How blogs, tweets, and social media are changing science writing.
Back in the dark ages, books were a luxury for the ultra-rich. When everything had to be copied by hand, written documents were rare, and therefore expensive. Then the printing press came along. Later, the paperback. Books became cheaper, easier to produce.
Once, writing in a public forum was a privilege. You needed permission, an editor’s stamp of approval, to publish anything from a news story to an op-ed piece. Today, anyone can have a platform. Putting your thoughts out into the public realm is becoming a basic right. Now, if only ideas could become cheaper, or easier to produce.
Everything’s changed, and yet nothing has changed.
At the 3rd annual Science Writing Symposium on Tuesday, three great science writers discussed the changes that the Internet, blogs, and social media have brought to their field.
Carl Zimmer has been blogging since 2002, and is the author of 10 science books.
Ed Yong uses his blog to write about “the awe-inspiring, beautiful and quirky world of science.”
Hilary Rosner just started working on a new blog. She’s a freelance journalist, specializing in science and the environment.
In 1998, there were roughly 23 blogs on the Internet. By 2011, that number had increased to 156 million. As the number of “citizen journalists” has increased, and as professional journalists have joined their ranks, the bloggers’ sphere of influence has increased.
The stereotype of the blogger is a pajama-clad outcast writing from the comfort of his mother’s basement, but plenty of blogs are written by professional scientists, like Derek Lowe, a chemist working in the pharmaceutical industry, or astronomer Phil Plait. Graduate students are also trying their hand at blogging, and the quartet that writes for We, Beasties proves that you can be both a scientist and a writer.
Blogs and the Internet offer writers of all stripes opportunities to innovate. First off, bloggers can explore stories that they might not be able to sell to a traditional publication. Secondly, their method of storytelling can be crafted to the unique project at hand. The Internet utilizes extremely short forms (the 140-character tweet) in addition to longer forms (The Atavist won’t consider an article of less than 20,000 words). Also, writers with no knowledge of computer programming have access to a huge range of free tools for adding multimedia to their sites. You can create an interactive timeline for your blog post using Dippity, or add a collage you made on Vuvox. “That is the future. It’s gonna be experiments,” Zimmer said. “We can all take part in those experiments.”
Blogging can also lead to better interaction between scientists and lay people. After Yong wrote a post about “weird, sexually ambiguous chickens,” he received an email from a farmer who had one of the critters, and was able to foster a collaboration between said farmer and a scientist on another continent. The researcher gets a rare animal to study, the farmer gets to be involved in science, and Yong jokes that he should get co-authorship should their research ever appear in Nature.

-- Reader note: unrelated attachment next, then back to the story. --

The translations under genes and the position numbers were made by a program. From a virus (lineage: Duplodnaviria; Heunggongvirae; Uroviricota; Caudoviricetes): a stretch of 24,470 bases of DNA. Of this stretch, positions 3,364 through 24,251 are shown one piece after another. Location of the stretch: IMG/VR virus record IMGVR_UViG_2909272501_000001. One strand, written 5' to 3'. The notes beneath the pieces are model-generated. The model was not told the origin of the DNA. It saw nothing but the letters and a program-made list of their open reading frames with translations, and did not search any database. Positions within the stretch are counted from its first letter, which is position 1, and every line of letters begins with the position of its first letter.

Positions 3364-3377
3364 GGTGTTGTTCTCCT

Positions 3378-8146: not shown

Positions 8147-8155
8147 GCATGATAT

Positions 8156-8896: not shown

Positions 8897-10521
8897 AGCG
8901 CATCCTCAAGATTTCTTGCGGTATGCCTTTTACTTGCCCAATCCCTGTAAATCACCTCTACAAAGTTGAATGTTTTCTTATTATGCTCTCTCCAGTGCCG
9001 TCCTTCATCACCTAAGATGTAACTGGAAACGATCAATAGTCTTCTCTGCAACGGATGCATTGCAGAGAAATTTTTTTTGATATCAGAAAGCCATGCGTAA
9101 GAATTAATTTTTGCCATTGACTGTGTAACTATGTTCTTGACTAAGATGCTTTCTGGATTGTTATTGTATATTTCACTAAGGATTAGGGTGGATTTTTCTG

All the writers agreed that blogging makes journalism more of a meritocracy. Talented new bloggers will get noticed, because even with space to fill and an interactive timeline, great ideas and great stories are just as treasured as ever.
Rosner summed up the panel’s mood quite nicely when she said, “Things have never been as much fun as they are now.”
The panel convinced me that social media is helping both journalists and scientists. And yet, I never felt like they delivered on the second half of the title. How is the Internet changing science writing? What is it really accomplishing in terms of reaching out to a wider public. The panel mentioned that social media is often accused of creating “fjords,” where members of one ideological community get into a very deep conversation about a topic, but never come into any dissenting opinions from people over in the next fjord (or at least, not any dissenting opinions that they’re willing to take seriously). The speakers sort of brushed off the idea that they were only talking to people who already shared their interests and viewpoints, which was very much a missed opportunity from my point of view.
The talk brought up the same questions that I’ve had since I started studying writing: why are we doing this and who are we reaching? The people who read science blogs, like the people who read science-specific magazines, are the kind of people who are already interested in science. When we’re surrounded by other people who really care about science and communication, whether it’s at a dinner or on a website, it’s sometimes hard to remember that a huge portion of the population cares about neither of those things, and that as hard as it’s going to be to reach those people, they have to be our target audience they are the target audience of any truly effective science writing.
So, as writers and scientists, why should we care about these people at all? Because they really are part of our community, with the same right to vote, to run for public office, and to cultivate their own views among others. It’s astounding, but true, that a single evangelical dentist from Texas can dictate what school children all across the country learn about science or social studies. These are the people we most need to reach, whether we do it through newsprint or tweets. I don’t know how to do that. I’m not sure anyone else does either. But I wish we had spent part of the evening trying to figure it out.
Bloggers have all these great new toys. I hope they stretch out of their comfort zones and use them to accomplish great new things.
A live stream video carried the conversation past the walls of the MIT museum and into cyberspace. If you missed it, there’s still time to check it out.